Between the high-rises, Providencia is dotted with colonial-era aspirational mansions stuccoed orange and pink and yellow and blue
and occasionally, white.
Only a few of the newer buildings were special, but as Danny has written, the overall design (and construction) quality is of a level most Americans can only yearn for.
And the streetscapes and landscapes!
Those Chileños devote more loving attention to the many different ways they can vitalize their public spaces than I’ve ever encountered, anywhere. Yes, it was Christmastime, and the country’s Catholicism was on display in full regalia, with creches everywhere.
But in higher-end neighborhoods,
and in lesser neighborhoods (including where Pablo Neruda lived with his partner), deliberate design was everywhere. Even the street art was impeccably maintained.
After Mabel’s, we moved to a different place in a different part of Providencia, and then to an even tonier neighborhood called El Condes, a bit further out still from city center, closer to the mountains. From our second, 20th-floor perch we enjoyed those canonical Santiago views, mountains plus smog.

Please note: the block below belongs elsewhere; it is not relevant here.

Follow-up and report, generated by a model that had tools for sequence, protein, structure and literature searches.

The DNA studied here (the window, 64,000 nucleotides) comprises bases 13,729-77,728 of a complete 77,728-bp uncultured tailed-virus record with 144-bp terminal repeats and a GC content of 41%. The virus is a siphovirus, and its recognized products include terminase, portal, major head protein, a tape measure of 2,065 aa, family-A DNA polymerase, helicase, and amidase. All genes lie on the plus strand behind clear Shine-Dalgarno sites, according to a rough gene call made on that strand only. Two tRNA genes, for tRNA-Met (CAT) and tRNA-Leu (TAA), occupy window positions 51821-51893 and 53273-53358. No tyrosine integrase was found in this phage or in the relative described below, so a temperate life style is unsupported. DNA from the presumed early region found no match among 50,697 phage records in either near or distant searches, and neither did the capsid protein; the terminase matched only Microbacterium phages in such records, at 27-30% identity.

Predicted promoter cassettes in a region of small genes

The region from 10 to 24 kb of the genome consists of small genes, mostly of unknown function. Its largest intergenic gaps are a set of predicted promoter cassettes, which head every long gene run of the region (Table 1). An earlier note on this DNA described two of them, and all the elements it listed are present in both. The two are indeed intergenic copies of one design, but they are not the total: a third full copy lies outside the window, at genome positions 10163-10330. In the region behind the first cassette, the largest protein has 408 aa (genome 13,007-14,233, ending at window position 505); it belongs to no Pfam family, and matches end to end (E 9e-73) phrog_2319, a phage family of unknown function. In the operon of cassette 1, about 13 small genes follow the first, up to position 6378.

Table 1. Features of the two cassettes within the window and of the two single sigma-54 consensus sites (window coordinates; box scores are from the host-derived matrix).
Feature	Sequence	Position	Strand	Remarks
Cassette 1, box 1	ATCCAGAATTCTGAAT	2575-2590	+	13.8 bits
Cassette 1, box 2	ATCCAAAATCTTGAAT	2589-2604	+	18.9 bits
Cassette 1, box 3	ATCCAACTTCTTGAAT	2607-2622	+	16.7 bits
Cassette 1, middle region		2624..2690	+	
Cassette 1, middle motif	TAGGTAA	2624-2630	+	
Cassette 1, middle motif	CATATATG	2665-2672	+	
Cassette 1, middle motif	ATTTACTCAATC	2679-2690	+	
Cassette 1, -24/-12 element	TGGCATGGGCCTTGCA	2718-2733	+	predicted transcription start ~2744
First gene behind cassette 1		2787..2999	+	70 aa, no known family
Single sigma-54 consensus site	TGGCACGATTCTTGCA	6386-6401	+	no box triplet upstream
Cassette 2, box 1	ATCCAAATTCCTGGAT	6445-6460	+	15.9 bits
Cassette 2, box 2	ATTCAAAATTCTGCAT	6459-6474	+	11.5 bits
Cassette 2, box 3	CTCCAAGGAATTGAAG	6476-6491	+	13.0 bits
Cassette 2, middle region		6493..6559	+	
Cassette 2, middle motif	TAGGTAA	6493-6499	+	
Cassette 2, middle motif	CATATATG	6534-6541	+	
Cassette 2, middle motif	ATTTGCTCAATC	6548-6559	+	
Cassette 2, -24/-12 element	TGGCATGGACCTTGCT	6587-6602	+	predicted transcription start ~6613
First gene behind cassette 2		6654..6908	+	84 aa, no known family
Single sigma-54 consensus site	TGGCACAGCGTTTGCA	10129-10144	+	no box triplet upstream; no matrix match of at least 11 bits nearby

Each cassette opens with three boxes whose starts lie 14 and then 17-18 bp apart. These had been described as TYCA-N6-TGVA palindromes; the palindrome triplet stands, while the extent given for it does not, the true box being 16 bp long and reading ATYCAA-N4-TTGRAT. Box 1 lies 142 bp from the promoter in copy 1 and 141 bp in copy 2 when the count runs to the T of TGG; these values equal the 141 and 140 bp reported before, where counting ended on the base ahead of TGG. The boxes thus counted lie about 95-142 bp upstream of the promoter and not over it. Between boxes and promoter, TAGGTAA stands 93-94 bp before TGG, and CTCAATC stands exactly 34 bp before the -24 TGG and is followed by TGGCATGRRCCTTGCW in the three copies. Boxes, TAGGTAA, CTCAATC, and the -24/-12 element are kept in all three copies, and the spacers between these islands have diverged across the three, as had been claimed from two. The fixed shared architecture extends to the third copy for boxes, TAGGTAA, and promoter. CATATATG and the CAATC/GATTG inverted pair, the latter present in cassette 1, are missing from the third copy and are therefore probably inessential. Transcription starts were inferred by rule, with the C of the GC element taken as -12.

We could also see just how green the city is.
Our second place was situated near the mayor’s mansion (Providencia, like El Condes, is separately incorporated), a grand old Victorian pile set into a plaza that progressively filled with kids as the day went on. At dusk, the mayor’s mansion glowed in neon purple and lime green,
surrounded by streets twinkling tiny Christmas lights wrapped round the Avenida’s parade of trees.
Chile’s capital is huge: the population of the metropolitan area numbers around 7 million. An aerial view from 2014 of its 250 square miles reveals how, over the centuries, settlers have seeped across the entire valley and up into the foothills. But every part of the city that we saw – even the poorer, more downtrodden neighborhoods– bore the character of an invitation. Walk here. Look at this sculpture, this fountain.
Come hither, to this sidewalk, to enjoy the shade of these old, old trees; have a seat in this plaza; listen to the fountain roar. Shop down here, beneath this kite-like awning slung over a pedestrian mall– it’s cooler.
Slow down. Perhaps an espresso in an outdoor café?
Like so many Latin cities, Santiago’s urban fabric and streetscapes were designed with strong bones, the scaffolding of a robust, unending public life. What did these streets look like during the Pinochet regime, I wondered? As we explored the city, I couldn’t but imaginatively replace what we were enjoying with scenes from the last part of Isabelle Allende’s House of the Spirits, when terrorized aristocrats hid behind lace curtains while learning of disappeared friends and acquaintances. What did Santiago feel and look like then?